Monday, December 03, 2012

Trumpeter Swans

On November 10th, I was visiting my Mom in the nearby city of Enderby. We went for a drive to Salmon Arm and on our way there, just before turning from one highway onto another one, in a big field where corn was grown this summer and harvested this fall, we saw a lot of big white birds feeding.  Of course, being the driver, I pulled over to get a good look and to hop out with my camera and take some photos.  My first thought was that these birds were swans, though I did later wonder if perhaps they were some sort of white geese, since they did sort of remind me of the Canada Goose.  When in doubt, GOOGLE IT!  Once I was back home to my computer again, I did a Google search and found that these birds are Trumpeter Swans. 

If I had been alone with time my own, I would have driven to different location so I could get all the birds and field into one shot and without the hydro/phone lines, though with Mom along and needing to be somewhere, I just took shots where I could get them.  I don't know how many birds are in this field, though I would say well over 200 of them.  Not only are there all the Trumpeter Swans, there are also Mallard Ducks feeding among the swans. 

Yesterday, I was visiting my Mom again and happened to notice a photo in the local newspaper of the field full of swans.... but the caption called them white geese.  This called for further investigation on the internet.

The "Hinterland Who's Who" website tells much about the Trumpeter Swan, it's breeding and feeding habits, where it lives, etc. Under "Description", it says:

Adult Trumpeter Swans Cygnus buccinator are large birds with white feathers and black legs and feet. The feathers of the head and the upper part of the neck often become stained orange as a result of feeding in areas rich in iron salts. The lack of colour anywhere on the swans’ bodies distinguishes them from other white species of waterfowl, such as snow geese, which have black wing tips.

The male swan, or cob, weighs an average of 12 kg. The female, or pen, is slightly smaller, averaging 10 kg. Wings may span 3 m. Young of the year, or cygnets, can be distinguished from adults by their grey plumage, their yellowish legs and feet, and until their second summer of life, their smaller size.

The shape and colour of the bill help in identifying the Trumpeter and Tundra swans in the field. Trumpeters have all black bills; Tundra Swans, formerly called Whistling Swans, have more sloping bills, usually with a small yellow patch in front of the eye. If this patch is missing, it is quite difficult to distinguish between the two birds unless the voice is heard. At close range, an observer should look for a salmon-red line on the lower bill.

Now, if you look at some more of my photos, you will see these birds do not have the black wing tips of the Greater Snow Goose, nor do they have that goose's "pinkish feet and bill".  (To see larger views of any of the photos, just place your mouse on a photo and click, then click on the different thumbnails to see the larger photos.)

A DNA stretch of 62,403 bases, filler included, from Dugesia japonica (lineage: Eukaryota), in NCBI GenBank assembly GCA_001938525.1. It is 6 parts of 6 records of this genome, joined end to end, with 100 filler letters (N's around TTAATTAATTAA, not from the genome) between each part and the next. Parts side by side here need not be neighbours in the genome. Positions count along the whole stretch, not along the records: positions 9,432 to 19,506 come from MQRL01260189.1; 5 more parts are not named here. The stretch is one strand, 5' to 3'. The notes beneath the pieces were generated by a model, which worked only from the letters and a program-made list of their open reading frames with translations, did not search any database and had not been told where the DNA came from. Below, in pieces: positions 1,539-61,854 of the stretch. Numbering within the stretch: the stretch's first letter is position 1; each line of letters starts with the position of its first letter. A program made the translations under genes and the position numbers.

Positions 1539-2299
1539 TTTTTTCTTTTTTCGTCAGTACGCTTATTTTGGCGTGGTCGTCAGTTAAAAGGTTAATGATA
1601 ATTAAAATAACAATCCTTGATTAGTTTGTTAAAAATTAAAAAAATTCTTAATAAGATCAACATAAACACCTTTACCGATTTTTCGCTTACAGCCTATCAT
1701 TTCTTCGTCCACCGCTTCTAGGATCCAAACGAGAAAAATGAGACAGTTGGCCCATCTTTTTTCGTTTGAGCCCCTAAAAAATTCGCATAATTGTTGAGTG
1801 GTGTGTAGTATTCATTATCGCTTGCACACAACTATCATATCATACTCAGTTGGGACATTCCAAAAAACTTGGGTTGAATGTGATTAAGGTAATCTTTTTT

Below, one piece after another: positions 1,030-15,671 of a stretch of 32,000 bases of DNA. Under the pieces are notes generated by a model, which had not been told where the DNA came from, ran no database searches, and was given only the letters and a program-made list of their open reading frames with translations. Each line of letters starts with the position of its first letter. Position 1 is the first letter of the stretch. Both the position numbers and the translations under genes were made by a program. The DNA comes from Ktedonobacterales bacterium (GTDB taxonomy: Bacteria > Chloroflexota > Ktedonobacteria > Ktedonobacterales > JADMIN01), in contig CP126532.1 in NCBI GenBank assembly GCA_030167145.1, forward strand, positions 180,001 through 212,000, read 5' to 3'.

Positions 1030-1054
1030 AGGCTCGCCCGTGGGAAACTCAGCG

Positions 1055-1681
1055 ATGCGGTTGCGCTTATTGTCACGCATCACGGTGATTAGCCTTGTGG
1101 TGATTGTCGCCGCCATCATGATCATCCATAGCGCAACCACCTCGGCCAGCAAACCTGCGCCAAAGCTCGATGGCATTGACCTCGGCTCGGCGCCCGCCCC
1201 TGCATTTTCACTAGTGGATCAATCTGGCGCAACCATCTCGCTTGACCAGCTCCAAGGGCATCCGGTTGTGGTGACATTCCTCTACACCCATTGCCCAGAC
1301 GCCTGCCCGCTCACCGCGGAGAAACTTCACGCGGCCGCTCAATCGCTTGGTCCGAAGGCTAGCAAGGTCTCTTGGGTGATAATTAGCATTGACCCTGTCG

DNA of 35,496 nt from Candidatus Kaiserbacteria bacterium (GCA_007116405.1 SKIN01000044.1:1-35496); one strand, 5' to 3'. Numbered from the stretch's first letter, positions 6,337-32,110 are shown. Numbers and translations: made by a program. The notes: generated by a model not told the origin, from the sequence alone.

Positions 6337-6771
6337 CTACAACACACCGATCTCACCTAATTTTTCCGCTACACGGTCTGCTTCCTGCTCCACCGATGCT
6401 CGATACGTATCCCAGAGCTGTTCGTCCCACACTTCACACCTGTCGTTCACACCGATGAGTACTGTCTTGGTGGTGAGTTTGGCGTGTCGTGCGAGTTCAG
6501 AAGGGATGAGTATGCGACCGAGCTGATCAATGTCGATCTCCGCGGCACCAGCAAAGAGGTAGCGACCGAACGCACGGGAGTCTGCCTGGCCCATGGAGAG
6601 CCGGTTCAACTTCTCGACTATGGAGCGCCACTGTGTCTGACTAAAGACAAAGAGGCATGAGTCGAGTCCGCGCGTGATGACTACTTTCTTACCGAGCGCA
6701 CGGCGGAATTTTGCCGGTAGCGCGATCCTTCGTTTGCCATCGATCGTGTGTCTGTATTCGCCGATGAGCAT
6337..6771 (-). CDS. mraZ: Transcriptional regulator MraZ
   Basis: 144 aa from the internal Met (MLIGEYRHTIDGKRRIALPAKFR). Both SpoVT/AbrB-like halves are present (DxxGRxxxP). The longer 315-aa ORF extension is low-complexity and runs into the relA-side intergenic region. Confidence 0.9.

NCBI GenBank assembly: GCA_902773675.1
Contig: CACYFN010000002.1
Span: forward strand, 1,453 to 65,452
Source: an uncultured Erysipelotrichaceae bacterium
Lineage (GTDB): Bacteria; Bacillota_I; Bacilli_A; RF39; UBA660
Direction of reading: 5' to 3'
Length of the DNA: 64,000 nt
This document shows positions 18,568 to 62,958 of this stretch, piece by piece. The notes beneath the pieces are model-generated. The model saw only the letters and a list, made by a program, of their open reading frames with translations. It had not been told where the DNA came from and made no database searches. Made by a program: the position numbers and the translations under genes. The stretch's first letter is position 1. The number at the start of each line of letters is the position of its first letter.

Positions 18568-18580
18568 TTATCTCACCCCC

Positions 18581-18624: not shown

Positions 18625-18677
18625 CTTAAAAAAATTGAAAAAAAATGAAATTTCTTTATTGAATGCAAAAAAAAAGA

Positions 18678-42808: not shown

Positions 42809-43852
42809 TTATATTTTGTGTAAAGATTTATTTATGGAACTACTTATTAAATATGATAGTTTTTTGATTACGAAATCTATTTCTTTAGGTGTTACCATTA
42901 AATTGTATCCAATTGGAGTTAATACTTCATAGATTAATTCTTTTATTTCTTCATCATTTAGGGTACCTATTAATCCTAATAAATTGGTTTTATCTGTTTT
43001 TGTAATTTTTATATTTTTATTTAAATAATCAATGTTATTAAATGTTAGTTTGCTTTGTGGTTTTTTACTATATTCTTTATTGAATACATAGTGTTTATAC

Notice the Mallard Duck (male) in this photo.  It appears very small compared to the size of the swan.

Note the Mallard Duck (female) in this photo, again giving an indication of the size of the swan.   The Trumpeter Swan is even larger than the Giant Canada Goose, which can weigh up to 8 kg.

Though you can see the bills in most of these photos, I find this one has the best view of the shape of the bill.  These grey birds are the young Trumpter Swans that have not yet gotten the white feathers of the adult.

Photos I copied from the "Hinterland Who's Who" web site:

The shape of the bill of the Trumpeter and Tundra Swans.
(You can see the bill is the same shape as the birds I photographed last month.)

My home over looks Swan Lake which apparently was named from having swans on it.  In over 22 years, I have not seen even one single swan on this lake. In fact, in my 50+ years of life, I have never seen swans that were not in parks or zoos.  When I read the Hinterland article I discovered why this is:  Europeans hunted and harassed the swan to the point where in 1933 there were only 77 Trumpeters breeding in Canada and 50 breeding in the United States. Today, as a result of an intensive international conservation effort, there are about 16 000 wild Trumpeter Swans, and the species is no longer considered in danger of extinction. 

Except for people, wild Trumpeters have few natural enemies. ......  The most serious threat to the continued well-being of the Trumpeter Swan is the loss of habitat resulting from expanding human populations.

Now you can likely understand my excitement and joy at seeing this flock of over 200 Trumpeter Swans.  I hope to one day see some back living and breeding on Swan Lake.

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